The images show a 13-year-old Indian boy, previously healthy, that presented at our clinic with pruritic nodular lesions throughout the body, ongoing for 3 years, with no fever . He received no treatments besides emollients. At observation he had a combination of multiple hyperpigmented macules, papules and nodules, symmetrically distributed on the extensor surfaces of both upper and lower extremities (Image 1a & 1b), lower back and buttocks (Image 1c). The remaining physical examination was unremarkable .
Image 1a: Nodular and papular lesions in the extensor surface of lower extremities.
Image 1b. Nodular lesions in the legs.
Image 1c: Nodular Lesions on the lower back and buttocks.
These lesions are typical of Prurigo Nodularis (PN), a chronic skin condition characterized by intensely pruritic multiple nodules. It can occur at any age, but it’s more in adults and rarely seen in children. The aetiology is unknown. There is no certainty whether PN is a primary cutaneous disorder or whether it is a reaction secondary to pruritus and itching-scratching triggered by other cause. Many people have an underlying condition that increase the risk of developing PN: atopic dermatitis, contact dermatitis, allergy, diabetes, kidney disease, hepatitis C, HIV, lymphoma and mental health conditions. Some people who develop PN don’ have other conditions linked to it. It is believed that chronic mechanical trauma causes thickening of the skin and leads to plaque-like or nodular lichenification, hyperkeratosis, and pigmentary changes. None of the conditions above was found to be the cause of the described case. Blood tests revealed no alteration and infectious screening was negative. The patient was treated with topical corticosteroids and oral antihistaminic, with a favourable evolution .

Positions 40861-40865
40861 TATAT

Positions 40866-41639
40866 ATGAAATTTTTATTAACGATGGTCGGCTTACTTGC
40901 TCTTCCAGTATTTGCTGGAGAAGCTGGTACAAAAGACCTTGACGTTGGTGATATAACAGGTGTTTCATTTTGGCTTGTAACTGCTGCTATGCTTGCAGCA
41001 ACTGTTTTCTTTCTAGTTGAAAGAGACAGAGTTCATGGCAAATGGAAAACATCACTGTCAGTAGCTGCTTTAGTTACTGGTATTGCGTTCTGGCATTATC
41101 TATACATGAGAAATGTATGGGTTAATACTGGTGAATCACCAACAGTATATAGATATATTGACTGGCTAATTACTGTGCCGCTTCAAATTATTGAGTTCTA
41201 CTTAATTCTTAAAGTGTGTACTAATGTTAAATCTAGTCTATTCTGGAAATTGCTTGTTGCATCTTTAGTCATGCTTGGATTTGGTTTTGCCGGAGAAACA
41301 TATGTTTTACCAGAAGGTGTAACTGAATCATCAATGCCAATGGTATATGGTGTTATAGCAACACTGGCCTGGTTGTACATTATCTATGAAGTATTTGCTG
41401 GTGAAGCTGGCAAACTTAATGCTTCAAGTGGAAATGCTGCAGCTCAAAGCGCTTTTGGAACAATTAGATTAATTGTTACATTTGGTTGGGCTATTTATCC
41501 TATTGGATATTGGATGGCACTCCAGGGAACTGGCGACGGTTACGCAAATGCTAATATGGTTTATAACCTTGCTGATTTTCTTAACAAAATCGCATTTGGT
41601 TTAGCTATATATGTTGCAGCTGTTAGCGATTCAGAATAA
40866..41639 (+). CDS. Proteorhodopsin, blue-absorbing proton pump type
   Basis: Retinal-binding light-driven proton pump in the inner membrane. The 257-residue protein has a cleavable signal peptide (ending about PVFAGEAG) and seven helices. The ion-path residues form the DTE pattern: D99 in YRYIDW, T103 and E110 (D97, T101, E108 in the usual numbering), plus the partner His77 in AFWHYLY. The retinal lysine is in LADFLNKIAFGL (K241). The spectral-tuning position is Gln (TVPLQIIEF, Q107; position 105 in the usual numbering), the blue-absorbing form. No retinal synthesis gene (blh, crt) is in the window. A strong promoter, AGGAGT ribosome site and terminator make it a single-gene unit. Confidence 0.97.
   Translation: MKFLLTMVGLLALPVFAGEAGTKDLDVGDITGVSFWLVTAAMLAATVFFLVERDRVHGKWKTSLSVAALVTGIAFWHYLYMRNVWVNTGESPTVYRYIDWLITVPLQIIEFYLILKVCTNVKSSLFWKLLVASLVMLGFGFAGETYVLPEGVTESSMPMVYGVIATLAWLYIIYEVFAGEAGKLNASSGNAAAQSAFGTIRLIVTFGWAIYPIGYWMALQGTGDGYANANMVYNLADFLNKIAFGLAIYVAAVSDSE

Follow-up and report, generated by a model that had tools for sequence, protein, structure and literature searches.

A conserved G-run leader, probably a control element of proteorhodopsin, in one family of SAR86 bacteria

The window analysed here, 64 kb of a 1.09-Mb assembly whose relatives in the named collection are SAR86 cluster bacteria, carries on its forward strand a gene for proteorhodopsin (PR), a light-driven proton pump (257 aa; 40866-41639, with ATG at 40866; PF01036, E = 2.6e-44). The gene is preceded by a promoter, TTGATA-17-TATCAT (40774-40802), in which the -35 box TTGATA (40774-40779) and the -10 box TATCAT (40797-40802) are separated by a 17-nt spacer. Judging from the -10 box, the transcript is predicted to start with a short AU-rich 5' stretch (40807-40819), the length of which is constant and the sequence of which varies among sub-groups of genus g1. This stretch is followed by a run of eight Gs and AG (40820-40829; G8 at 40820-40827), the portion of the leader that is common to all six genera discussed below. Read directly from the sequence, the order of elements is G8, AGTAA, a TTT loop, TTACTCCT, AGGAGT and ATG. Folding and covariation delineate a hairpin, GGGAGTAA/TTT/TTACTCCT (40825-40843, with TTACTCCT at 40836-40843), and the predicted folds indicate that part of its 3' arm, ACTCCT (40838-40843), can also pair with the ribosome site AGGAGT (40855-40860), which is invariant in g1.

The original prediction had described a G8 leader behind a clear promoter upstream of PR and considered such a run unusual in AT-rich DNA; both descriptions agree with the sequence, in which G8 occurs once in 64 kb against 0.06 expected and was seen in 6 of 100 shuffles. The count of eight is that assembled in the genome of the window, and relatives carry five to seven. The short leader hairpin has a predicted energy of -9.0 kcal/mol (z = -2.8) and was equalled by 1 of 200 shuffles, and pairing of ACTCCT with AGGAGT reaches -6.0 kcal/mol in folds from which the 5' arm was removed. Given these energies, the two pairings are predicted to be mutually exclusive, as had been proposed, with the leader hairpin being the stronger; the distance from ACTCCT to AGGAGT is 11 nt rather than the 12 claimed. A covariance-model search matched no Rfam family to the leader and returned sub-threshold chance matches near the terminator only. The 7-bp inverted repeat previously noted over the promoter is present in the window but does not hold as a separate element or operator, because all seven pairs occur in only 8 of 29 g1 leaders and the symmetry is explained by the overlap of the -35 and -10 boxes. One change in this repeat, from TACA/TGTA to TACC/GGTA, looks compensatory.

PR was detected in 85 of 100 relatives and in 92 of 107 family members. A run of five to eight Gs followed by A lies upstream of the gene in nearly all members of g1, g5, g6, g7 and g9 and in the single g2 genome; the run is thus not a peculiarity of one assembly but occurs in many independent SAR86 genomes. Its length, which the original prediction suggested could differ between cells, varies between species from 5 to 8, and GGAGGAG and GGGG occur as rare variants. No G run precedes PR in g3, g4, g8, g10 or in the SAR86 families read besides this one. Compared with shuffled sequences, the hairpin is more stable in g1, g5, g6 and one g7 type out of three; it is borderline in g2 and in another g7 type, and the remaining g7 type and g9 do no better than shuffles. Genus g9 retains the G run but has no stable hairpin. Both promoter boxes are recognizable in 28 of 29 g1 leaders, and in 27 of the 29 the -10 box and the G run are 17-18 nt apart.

Treatment’s goal is to break the itch-scratch-itch cycle. The treatment options range from oral antihistaminic, oral or topical corticosteroids and ultraviolet therapy to immunomodulating agents in the most severe cases. Despite the difficult management with the several treatments available, is a benign condition with a good prognosis .
With this case we aim to alert to the possibility of the diagnosis of prurigo nodularis in pediatric age, even if it’s very rare. Overall, PN is a benign condition, but it can affect children’s quality of life if untreated. The images show the typical locations of the several lesions (macules, papules and nodules) that the Physician should be attentive when suspecting this condition .
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